Zube Lecture Series

Thursday, October 3, 2013 -
4:00pm to 5:00pm
109 Hills North, 111 Thatcher Road, Amherst, Massachusetts 01003

Ipek Kaynar Rohloff, PhD, AIA Assoc. Dr. Rohloff is a Five College Mellon Fellow and a Visiting Professor with specialization on environmental design at Mount Holyoke College. She trained as an architect and received a doctoral degree in architecture at the University of Michigan in Ann Arbor. Dr. Rohloff’s research focuses on architectural and urban morphologies generate social and cultural interactions. Her work investigates the ways in which urban and landscape design promote livable and healthy neighborhoods with social cohesion and diversity of uses. Dr. Rohloff is interested in the critical role that public spaces play in urban transformation with social agency. Dr. Rohloff is also a consultant in collaboration with UCL Space Syntax Ltd group in London, UK.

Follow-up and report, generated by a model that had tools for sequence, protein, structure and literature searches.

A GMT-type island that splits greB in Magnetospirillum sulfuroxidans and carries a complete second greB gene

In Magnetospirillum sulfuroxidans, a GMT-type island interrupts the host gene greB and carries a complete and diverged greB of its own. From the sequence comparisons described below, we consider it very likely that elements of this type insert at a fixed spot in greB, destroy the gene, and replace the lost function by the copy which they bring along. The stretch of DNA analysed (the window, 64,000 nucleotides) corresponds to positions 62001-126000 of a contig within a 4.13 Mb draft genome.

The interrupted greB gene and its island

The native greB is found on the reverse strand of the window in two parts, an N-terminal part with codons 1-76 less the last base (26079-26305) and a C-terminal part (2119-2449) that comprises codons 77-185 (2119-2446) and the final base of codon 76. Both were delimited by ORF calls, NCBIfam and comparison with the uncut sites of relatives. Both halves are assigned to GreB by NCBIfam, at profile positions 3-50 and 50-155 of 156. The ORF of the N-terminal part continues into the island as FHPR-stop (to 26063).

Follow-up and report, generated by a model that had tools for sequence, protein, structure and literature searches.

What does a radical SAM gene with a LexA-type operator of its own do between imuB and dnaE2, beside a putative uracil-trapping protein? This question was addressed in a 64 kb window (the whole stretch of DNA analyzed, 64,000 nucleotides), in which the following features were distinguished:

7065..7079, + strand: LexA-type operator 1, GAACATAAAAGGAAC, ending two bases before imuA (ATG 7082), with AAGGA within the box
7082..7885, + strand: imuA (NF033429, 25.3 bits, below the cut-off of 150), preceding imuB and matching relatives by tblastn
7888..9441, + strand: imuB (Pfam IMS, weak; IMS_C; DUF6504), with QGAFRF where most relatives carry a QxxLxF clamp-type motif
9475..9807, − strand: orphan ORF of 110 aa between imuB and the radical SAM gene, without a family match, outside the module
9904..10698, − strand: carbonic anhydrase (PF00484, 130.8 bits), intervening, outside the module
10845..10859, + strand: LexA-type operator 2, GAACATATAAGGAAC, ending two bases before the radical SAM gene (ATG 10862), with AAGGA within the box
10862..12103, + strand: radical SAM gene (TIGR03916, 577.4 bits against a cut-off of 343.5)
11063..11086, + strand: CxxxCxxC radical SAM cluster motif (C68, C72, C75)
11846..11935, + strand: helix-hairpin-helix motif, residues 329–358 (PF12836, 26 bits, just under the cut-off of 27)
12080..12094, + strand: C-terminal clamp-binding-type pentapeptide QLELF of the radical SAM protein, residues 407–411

This talk explores opportunities and challenges presented in historic mill town morphologies for regeneration of economic and social capital. The discussion features a spatial analysis of Holyoke MA USA, and observations of other historic mill towns such as Lowell and Maynard MA. The basis of these analyses is the understanding that urban environments are shaped within the intrinsic and reciprocal relationship between human spatial behavior patterns and urban morphologies. Declined urban environments such as the case studies we discuss often present a conflict between the land use supported by the urban form and needed for economic redevelopment. The findings of the analyses and observations are discussed with respect to the resiliency strategies in planning and criticism to the concept of “finished design” in urbanism theories. 

This is a free and public event.

The Zube lecture series is named for Ervin Zube, head of Landscape Architecture and regional Planning from 1974 to 1980. Professor Zube is internationally known for his leadership in developing a culture of academic research in the profession of landscape architecture. His research has made numerous seminal contributions to landscape planning theory and practice.